Blessed with warm clear water, healthy reefs, dramatic drop-offs, abundant marine life, year-round good weather and professional dive services, Cayman has always been a popular choice for the readers of Scuba Diving Magazine in the magazine’s annual online poll. Divers rank their favorite destinations and dive sites by category on a scale of 1 to 5.
This year Cayman came out on top as the best Caribbean destination for Underwater Photography and Advanced Diving. On Best Overall Dive Destination, Cayman rated #2. The destination also ranked in the top 5 for these categories; Big Animals, Macro Life, Wreck Diving, Macro Life, Wreck Diving, Cavern Cave and Grotto diving, Shore diving and Beginner Diving.
Award-winning underwater photographer Ellen Cuylaerts, who lives and works on Grand Cayman, says the voters got it right when choosing the best place to for underwater photography, and there are many reasons why.
“No wonder Cayman Islands is ranked as #1 for underwater photography as we have top accommodating facilities,” said Cuylaerts. “Our dive operators provide easy shore dive access through ladders and coming out of the water there’s rinsing buckets. If you choose to boat dive, the crew helps to hand you gear, and they know how to do this. Most boats have rinsing possibilities.”
In addition to professional services and easy access to Cayman’s dive sites, the photo pro says these islands offer an amazing variety of interesting subject matter for underwater photographers.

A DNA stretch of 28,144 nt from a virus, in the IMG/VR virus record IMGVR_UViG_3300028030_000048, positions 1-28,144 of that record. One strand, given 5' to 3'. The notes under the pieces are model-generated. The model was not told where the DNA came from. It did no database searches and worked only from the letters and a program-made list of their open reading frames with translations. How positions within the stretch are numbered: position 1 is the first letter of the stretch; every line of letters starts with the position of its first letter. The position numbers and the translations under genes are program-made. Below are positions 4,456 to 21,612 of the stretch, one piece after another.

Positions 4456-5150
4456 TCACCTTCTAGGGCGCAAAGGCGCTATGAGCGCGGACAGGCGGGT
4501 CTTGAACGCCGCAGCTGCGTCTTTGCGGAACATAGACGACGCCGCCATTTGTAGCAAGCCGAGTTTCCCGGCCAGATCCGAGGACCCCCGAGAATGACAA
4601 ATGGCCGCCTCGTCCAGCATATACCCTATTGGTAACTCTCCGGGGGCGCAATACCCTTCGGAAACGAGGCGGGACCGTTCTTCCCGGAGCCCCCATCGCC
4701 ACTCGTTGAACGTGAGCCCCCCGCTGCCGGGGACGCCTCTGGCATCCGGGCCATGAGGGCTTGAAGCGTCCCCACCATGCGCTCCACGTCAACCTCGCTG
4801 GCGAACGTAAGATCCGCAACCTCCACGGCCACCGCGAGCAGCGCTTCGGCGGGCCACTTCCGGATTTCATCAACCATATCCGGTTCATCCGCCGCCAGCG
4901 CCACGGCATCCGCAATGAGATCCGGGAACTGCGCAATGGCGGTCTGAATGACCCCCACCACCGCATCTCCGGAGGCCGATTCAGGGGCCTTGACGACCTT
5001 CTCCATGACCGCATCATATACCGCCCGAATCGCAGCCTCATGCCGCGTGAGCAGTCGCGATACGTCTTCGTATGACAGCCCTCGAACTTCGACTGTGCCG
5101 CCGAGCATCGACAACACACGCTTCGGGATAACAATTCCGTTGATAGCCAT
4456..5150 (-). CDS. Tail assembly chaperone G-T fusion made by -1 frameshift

“The best wide-angle subjects are our famous southern stingrays who show up every day at dawn and due to the shallowness of the Sandbar and Stingray City, even beginning photographers with a small camera can get the most amazing shots by working with the available light,” she said.
“The wreck of the Ex-USS Kittiwake is located on a sandy patch about max 70 feet deep. It’s easy to navigate, has excellent visibility, no current, hence the ability to work certain shots from different angles depending on the time of day you dive this site.”
Even when the weather affects dive conditions offshore, Cuylaerts says there is plenty to photograph from shore because of Cayman’s easily accessible and excellent shore diving.
“If you love looking for macro critters, some of the shore dives in Grand Cayman are abundant of gems at between 3 and 5 meters of depth allowing you to experience long dives and observe different species of blennies, shrimp, nudibranchs and many more,” she said. “Eden Rock and Devil’s Grotto offer great macro photography opportunities in the shallows. The grottoes are in 30 feet of water, and this is where tarpons lurk waiting for the arrival of silversides in the summer months. Half of the times I dive there I see mesmerizing squid at the ladders.”
Cuylaerts travels the world as a freelance underwater and wildlife photographer, documenting animals in particular regions and the challenges they’re facing. Ellen says the underwater photography experience offered in the Cayman Islands is exceptional and hard to beat.